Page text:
Survival effect of first- and second-line treatments for patients with primary glioblastoma: A cohort study from a prospective registry, 1997-2010

Francesca Nava, Irene Tramacere, Andrea Fittipaldo, Maria Grazia Bruzzone, Francesco Dimeco, Laura Fariselli, Gaetano Finocchiaro, Bianca Pollo, Andrea Salmaggi, Antonio Silvani, Mariangela Farinotti, Graziella Filippini

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Abstract

BackgroundProspective follow-up studies of large cohorts of patients with glioblastoma (GBM) are needed to assess the effectiveness of conventional treatments in clinical practice. We report GBM survival data from the Brain Cancer Register of the Fondazione Istituto Neurologico Carlo Besta (INCB) in Milan, Italy, which collected longitudinal data for all consecutive patients with GBM from 1997 to 2010.MethodsSurvival data were obtained from 764 patients (aged>16 years) with histologically confirmed primary GBM who were diagnosed and treated over a 7-year period (2004-2010) with follow-up to April 2012 (cohort II). Equivalent data from 490 GBM patients diagnosed and treated over the preceding 7 years (1997-2003) with follow-up to April 2005 (cohort I) were available for comparison. Progression-free survival (PFS) was available from 361 and 219 patients actively followed up at INCB in cohorts II and I, respectively.ResultsSurvival probabilities were 54% at 1 year, 21% at 2 years, and 11% at 3 years, respectively, in cohort II compared with 47%, 11%, and 5%, respectively, in cohort I. PFS was 22% and 12% at 1 year in cohorts II and I. Better survival and PFS in cohort II was significantly associated with introduction of the Stupp protocol into clinical practice, with adjusted hazard ratios (HRs) of 0.78 for survival and 0.73 for PFS, or a 22% relative decrease in the risk of death and a 27% relative decrease in the risk of recurrence. After recurrence, reoperation was performed in one-fifth of cohort I and in one-third of cohort II but was not effective (HR, 1.05 in cohort I and 1.02 in cohort II). Second-line chemotherapy, mainly consisting of nitrosourea-based chemotherapy, temozolomide, mitoxantrone, fotemustine, and bevacizumab, improved survival in both cohorts (HR, 0.57 in cohort I and 0.74 in cohort II). Radiosurgery was also effective (HR, 0.52 in cohort II).ConclusionsWe found a significant increase in overall survival, PFS, and survival after recurrence after 2004, likely due to improvements in surgical techniques, introduction of the Stupp protocol as a first-line treatment, and new standard protocols for second-line chemotherapy and radiosurgery after tumor recurrence. In both cohorts, reoperation after tumor recurrence did not improve survival.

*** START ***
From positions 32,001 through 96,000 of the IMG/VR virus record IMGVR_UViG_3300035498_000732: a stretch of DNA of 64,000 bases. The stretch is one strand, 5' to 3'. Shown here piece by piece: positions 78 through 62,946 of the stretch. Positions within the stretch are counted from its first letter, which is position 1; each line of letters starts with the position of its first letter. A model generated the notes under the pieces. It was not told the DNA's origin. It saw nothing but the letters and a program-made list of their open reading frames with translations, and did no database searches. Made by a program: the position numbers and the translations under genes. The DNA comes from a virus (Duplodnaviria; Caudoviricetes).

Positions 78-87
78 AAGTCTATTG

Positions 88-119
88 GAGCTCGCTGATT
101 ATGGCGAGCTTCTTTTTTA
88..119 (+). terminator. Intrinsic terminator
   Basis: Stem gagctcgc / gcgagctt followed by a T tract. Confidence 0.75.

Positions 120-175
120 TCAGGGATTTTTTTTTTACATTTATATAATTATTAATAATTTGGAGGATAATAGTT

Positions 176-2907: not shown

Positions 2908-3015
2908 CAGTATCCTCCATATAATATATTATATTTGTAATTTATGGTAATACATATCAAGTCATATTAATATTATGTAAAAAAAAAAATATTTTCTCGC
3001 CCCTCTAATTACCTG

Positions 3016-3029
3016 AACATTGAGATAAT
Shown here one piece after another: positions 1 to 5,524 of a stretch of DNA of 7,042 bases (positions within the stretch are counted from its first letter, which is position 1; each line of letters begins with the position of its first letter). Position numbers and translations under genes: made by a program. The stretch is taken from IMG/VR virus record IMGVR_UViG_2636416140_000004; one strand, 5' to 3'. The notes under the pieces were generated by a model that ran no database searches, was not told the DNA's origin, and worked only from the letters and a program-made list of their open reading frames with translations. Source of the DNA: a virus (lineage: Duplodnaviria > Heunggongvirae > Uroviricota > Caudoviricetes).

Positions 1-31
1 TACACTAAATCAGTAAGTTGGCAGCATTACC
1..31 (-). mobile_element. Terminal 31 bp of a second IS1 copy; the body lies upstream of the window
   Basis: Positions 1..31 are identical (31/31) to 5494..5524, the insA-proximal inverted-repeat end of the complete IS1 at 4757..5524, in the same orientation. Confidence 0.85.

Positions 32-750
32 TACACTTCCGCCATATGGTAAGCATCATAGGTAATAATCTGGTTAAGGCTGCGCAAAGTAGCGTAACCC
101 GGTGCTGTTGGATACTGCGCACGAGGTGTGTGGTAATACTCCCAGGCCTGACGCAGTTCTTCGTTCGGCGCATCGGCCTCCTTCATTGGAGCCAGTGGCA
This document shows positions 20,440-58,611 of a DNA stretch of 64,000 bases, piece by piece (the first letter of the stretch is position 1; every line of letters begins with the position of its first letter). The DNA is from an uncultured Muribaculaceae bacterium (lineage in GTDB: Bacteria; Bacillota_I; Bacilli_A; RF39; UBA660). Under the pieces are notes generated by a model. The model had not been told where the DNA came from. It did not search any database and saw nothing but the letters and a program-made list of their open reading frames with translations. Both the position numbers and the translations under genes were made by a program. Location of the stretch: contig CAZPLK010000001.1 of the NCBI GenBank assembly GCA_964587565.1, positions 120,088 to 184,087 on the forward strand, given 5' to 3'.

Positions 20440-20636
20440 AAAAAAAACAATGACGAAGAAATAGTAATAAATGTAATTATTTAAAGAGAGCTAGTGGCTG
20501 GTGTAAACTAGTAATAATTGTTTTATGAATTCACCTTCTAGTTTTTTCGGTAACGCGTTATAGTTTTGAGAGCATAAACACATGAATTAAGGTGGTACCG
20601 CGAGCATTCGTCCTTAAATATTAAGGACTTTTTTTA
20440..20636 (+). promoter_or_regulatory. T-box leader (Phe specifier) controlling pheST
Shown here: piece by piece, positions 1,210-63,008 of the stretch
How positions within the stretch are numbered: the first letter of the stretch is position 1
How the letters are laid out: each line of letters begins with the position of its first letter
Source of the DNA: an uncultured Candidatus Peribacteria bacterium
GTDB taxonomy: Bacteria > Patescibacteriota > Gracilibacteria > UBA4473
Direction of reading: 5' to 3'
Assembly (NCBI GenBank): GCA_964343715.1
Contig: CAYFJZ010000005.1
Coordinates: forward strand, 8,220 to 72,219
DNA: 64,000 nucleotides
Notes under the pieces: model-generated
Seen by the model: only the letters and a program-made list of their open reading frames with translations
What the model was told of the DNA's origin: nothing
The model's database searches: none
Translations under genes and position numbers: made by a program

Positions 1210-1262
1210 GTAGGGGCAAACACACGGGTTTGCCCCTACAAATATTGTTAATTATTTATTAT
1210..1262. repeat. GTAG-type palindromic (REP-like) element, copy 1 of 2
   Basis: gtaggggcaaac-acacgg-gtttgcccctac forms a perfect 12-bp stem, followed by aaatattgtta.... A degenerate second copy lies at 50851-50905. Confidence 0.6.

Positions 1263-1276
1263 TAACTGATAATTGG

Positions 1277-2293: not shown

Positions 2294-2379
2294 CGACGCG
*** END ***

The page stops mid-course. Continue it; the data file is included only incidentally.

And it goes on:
Original languageEnglish
Pages (from-to)719-727
Number of pages9
JournalNeuro-Oncology
Volume16
Issue number5
DOIs
Publication statusPublished - 2014

Fingerprint

Glioblastoma
Registries
Cohort Studies
Disease-Free Survival
Survival
Recurrence